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Hank Greely is the Deane F. and Kate Edelman Johnson Professor of Law at Stanford University; Director, Center for Law and the Biosciences; Professor (by courtesy) of Genetics, Stanford School of Medicine; Chair, Steering Committee of the Center for Biomedical Ethics; and Director, Stanford Program in Neuroscience and Society.

Brie Linkenhoker is the director of Worldview Stanford, a project at Stanford University that creates media and learning experiences for public audiences. She is a member of St. Mark's Episcopal Church in Palo Alto, CA.

Brie Linkenhoker: You’ve worked on the legal and bioethical implications of a very wide range of issues. What thread connects them?

Hank Greely: I try to figure out what new technologies are coming down the road that are likely to have substantial social effects, what those effects are, and ways we might try to mitigate their potential risks and maximize their potential benefits. I look for things that are relatively likely to happen, and that are going to have a social impact, but I also make room, from time to time, for things that are just cool.

The things that I work on tend to be things that are realistic. I'm not very interested in abstract speculation. If I don't think a biomedical advance has a good chance of happening in the next 20 or 30 years, I'm not going to pay much attention to it.

Hank Greely.
Hank Greely.

What are some of those things — the ones you think aren’t so likely to happen — but that might be getting a lot of attention nevertheless?

There's been a lot of press about extending human longevity maybe to the point of immortality. And there's a lot of money pouring into it from some rich people in Silicon Valley who want to be immortal. I think if any humans are going to become immortal, I’m not sure I would pick them as the first!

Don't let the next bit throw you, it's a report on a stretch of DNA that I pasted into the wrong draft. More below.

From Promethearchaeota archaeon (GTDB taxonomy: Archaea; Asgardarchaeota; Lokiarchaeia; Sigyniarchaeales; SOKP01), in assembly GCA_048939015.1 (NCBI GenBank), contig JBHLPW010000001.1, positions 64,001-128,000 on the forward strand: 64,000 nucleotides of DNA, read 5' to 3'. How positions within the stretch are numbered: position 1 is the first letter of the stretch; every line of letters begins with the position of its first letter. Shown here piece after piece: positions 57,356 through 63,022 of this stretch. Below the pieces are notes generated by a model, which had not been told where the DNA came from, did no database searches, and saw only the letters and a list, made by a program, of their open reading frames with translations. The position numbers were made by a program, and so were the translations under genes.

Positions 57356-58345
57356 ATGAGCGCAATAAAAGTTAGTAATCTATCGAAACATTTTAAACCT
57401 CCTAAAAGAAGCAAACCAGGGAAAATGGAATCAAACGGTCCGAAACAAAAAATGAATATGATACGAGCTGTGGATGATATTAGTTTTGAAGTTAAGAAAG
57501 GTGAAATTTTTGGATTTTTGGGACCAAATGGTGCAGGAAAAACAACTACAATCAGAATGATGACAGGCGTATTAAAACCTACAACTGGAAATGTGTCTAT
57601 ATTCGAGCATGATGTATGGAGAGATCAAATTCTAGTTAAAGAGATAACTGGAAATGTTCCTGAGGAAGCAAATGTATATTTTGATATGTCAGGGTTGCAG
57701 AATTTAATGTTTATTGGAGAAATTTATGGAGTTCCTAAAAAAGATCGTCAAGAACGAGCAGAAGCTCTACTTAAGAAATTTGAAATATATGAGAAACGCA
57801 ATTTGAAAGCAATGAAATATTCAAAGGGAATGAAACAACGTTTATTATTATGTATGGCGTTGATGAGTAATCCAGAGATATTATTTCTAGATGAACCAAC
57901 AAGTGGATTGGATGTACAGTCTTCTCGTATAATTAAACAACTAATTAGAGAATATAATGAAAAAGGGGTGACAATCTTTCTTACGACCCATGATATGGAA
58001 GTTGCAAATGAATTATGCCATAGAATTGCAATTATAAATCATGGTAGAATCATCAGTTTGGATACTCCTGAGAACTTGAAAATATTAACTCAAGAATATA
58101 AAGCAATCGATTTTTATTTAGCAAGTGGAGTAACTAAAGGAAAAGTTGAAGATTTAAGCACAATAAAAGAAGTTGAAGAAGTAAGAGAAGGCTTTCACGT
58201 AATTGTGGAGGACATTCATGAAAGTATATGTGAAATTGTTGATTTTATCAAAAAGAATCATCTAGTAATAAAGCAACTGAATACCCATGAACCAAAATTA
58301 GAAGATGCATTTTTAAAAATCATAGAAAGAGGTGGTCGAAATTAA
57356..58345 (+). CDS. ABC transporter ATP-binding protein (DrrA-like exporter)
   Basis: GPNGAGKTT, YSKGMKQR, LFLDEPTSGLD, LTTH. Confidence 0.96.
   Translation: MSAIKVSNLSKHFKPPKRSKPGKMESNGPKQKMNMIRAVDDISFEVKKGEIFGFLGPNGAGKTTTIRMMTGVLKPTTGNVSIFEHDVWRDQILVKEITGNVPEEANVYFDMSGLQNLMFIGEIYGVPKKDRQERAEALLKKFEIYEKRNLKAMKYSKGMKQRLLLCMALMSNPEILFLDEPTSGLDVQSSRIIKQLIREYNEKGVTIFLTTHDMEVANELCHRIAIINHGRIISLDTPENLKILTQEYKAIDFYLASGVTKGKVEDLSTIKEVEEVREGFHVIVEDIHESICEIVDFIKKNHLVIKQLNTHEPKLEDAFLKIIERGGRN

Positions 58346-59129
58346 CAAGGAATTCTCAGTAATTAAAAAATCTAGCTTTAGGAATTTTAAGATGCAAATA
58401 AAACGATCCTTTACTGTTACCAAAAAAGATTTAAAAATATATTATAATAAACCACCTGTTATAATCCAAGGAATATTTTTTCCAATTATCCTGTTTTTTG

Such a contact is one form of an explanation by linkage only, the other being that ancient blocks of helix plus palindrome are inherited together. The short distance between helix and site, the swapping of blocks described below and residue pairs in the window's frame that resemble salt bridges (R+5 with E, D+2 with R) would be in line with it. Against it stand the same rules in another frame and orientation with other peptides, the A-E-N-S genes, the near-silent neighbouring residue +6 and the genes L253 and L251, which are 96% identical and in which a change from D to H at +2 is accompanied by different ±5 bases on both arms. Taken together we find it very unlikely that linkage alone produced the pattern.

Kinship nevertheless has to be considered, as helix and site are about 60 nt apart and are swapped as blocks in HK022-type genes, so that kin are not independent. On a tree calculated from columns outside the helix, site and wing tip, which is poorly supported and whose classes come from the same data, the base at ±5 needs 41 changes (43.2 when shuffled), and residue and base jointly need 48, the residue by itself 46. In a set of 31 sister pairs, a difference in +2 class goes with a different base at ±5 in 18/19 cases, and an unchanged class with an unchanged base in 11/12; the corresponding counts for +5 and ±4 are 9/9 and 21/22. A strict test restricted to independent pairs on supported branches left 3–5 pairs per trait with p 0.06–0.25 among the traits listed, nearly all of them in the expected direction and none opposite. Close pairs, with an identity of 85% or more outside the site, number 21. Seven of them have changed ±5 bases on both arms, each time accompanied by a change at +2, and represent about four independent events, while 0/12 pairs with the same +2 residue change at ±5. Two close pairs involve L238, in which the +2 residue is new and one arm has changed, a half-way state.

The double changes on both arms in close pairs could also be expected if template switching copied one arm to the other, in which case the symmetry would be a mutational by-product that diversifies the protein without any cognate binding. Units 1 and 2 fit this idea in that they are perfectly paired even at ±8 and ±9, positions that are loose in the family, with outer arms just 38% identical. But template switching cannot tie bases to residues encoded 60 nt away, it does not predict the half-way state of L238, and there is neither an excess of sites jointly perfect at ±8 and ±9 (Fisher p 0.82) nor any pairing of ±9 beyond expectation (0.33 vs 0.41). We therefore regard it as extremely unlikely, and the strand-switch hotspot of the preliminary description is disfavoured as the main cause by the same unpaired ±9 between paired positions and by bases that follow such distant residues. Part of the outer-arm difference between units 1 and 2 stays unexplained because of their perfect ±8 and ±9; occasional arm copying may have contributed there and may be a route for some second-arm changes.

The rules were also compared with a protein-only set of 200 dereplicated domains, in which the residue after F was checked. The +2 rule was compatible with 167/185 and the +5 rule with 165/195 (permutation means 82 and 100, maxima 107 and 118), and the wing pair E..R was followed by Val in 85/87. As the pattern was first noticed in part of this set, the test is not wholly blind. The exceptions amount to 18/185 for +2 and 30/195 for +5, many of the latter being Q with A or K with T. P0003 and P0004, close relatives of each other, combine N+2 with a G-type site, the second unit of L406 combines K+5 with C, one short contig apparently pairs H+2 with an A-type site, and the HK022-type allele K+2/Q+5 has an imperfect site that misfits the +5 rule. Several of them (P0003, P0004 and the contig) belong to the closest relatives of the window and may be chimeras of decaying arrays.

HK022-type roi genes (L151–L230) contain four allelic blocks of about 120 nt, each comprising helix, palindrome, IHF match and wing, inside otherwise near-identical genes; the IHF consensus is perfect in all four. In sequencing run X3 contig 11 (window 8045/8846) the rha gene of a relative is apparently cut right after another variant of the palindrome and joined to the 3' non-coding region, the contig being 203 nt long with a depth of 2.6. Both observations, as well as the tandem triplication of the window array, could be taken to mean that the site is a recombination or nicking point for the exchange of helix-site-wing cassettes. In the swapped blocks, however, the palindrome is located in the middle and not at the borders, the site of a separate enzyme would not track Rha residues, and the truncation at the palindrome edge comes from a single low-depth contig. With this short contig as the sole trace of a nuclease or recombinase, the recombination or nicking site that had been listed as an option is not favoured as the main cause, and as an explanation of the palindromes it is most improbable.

To me, immortality flunks my first test of “is this really plausible in the next 20 to 40 years?” There are so many things that can go wrong, so many things we can die of. If you cured every case of cancer in the United States, and if no one died of cancer going forward in the US, that would add an estimated 3.7 years to life expectancy. That’s a long way from immortality.

I also think that people overestimate the possibility of genetic enhancement, at least in my lifetime. Again, because we just don't know enough about it. We can't make X-Men because we don't know the genes for superpowers. We don't even know the genes to make you taller.

Height is actually a really interesting example. You can predict a baby's height quite accurately. About 90% of the variation can be explained by knowing the adult heights of the two parents and whether the baby is a boy or a girl. Scientists have found something like 50 genes that influence height.  All combined, they explain about 10% of the variation.